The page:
Singapore Mass Rapid Transit (SMRT) Trains, and two of its employees were charged over a fatal accident on 22 March near Pasir Ris train station which claimed two lives of its trainee.
SMRT, which is expected to plead guilty, was charged under Section 12 of the Workplace Safety and Health Act.
Anybody found guilty under this Act and has no penalty expressly provided shall be liable to a fine not more than S$200,000 or jail of up to two years, or both. While, if it is the case of a corporate body, the fine is up to S$500,000.
The Act states that it is the duty of every employer to take measures necessary to ensure the safety and health of employees at work so far as is reasonably practicable.
The charge sheet wrote that the company had failed to ensure that its employees complied with approved operating procedures when accessing the track, as well as the procedures practised by staff that day to access the tracks passed safety audits, were documented and disseminated.
Ng Bor Kiat, SMRT Chief Technology Officer, was in court on Thursday to receive the charge on behalf of the company.
Teo Wee Kiat, 40, one of SMRT’s directors, was also charged under Section 48 (1) of the same Act. The Act states that should an offence be committed by a corporate body, an officer of this body shall be guilty of the offence and be liable to be punished. Teo faces a fine of up to $200,000 and/or a jail term of up to two years
Prosecutors also charged Lim Say Heng, 47, with causing death by a negligent act under the Penal Code. He is the officer-in-charge of the work party which was inspecting the tracks on the day of the fatal accident.
According to the charge sheet, he failed to ensure that the necessary safety measures were in place to make sure trains do not enter the train track while they were there.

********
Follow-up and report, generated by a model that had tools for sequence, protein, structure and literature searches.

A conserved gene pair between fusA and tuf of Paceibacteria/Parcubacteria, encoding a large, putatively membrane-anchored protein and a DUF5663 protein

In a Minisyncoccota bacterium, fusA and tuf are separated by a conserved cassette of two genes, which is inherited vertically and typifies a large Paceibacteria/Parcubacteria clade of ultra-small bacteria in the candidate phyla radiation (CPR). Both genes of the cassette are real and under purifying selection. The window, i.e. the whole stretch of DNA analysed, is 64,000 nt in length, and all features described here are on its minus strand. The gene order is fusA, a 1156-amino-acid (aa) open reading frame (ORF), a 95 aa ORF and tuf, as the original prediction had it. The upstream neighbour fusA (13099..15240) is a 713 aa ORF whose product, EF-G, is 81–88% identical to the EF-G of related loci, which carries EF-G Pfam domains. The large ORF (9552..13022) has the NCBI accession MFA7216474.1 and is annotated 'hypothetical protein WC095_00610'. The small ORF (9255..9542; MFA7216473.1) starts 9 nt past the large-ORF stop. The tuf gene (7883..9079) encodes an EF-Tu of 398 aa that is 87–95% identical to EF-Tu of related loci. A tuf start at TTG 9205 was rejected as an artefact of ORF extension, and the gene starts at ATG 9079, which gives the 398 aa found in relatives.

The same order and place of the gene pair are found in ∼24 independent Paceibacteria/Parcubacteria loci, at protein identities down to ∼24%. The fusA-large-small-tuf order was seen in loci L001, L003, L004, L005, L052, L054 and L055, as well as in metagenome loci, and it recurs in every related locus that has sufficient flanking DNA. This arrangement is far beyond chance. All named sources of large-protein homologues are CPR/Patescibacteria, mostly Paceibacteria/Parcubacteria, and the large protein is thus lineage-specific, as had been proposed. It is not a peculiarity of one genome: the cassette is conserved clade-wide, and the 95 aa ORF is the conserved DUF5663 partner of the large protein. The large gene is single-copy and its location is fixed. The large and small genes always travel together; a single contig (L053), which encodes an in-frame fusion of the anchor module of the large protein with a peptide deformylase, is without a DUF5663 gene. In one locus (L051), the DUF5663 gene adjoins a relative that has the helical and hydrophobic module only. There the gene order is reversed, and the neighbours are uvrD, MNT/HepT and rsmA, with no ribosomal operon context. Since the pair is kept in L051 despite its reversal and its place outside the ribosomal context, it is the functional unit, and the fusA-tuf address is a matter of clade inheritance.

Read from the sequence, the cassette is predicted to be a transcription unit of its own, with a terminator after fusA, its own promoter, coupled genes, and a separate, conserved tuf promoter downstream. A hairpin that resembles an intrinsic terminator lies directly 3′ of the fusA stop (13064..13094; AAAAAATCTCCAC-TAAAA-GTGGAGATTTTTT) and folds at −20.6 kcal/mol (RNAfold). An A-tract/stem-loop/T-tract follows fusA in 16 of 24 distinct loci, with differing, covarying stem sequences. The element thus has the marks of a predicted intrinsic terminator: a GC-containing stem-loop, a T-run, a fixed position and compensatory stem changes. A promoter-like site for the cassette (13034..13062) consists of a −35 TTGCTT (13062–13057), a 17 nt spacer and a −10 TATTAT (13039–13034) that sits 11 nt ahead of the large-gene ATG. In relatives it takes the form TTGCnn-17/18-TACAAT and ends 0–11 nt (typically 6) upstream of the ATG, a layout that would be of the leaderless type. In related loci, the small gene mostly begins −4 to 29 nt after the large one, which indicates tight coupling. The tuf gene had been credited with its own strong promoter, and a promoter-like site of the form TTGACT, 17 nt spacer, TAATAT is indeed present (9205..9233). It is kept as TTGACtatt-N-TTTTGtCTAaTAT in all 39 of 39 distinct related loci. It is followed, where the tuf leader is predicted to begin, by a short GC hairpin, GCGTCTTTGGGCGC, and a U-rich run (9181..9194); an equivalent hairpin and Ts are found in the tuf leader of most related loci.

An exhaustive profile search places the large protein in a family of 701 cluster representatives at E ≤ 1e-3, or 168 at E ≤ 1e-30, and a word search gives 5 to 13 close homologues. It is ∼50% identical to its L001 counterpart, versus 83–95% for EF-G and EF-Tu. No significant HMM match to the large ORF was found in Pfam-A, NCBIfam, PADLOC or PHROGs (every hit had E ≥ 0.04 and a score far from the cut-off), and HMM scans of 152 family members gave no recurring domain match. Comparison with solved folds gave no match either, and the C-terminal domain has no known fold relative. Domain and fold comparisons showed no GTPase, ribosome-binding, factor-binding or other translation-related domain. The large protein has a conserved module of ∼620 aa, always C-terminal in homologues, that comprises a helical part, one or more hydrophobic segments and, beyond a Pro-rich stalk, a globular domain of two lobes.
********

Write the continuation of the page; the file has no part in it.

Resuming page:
He faces a jail term of up to two years, a fine, or both, if found guilty. However, a bail of S$15,000 has been offered to Lim.
Lim was dismissed last September due to the accident, according to Channel News Asia. On September, the public transport operator also dismissed two of its staff including the train driver, Rahmat Mohd, 49.
The National Transport Workers’ Union Executive Secretary Melvin Yong said the union would support Mr Lim and his family and ensure that he was fairly represented.
Mr Yong said, “Whilst we cannot comment on any ongoing legal proceedings, the union maintains that it is important to allow due process to take its course and all facts to be revealed before drawing any conclusions.”
Nasrulhudin Najumudin, 26, and Muhammad Asyraf Ahmad Buhari, 24, were the two who died in the accident. They had earlier joined SMRT in January 2016. They were undergoing on-the-job training when they were hit by an oncoming train. Permission to access the tracks was authorised.
There were 15 employees in the team who went on track to investigate a possible fault involving a signalling device on the tracks. Mr Lim, who was the first in line, managed to escape on time when the train approached. However, Nasrulhudin and Asyraf, who were on the second and third in line failed to react on time.
Although stating that the staff followed its standard procedure at the beginning, SMRT later admitted after the accident that maintenance staff had not followed safety procedures.
The Attorney-General’s Chambers said that investigations are still ongoing to determine if any other individuals may be liable for workplace safety lapses in connection with the incident.
A pre-trial conference has been set on 30 December for all three charges.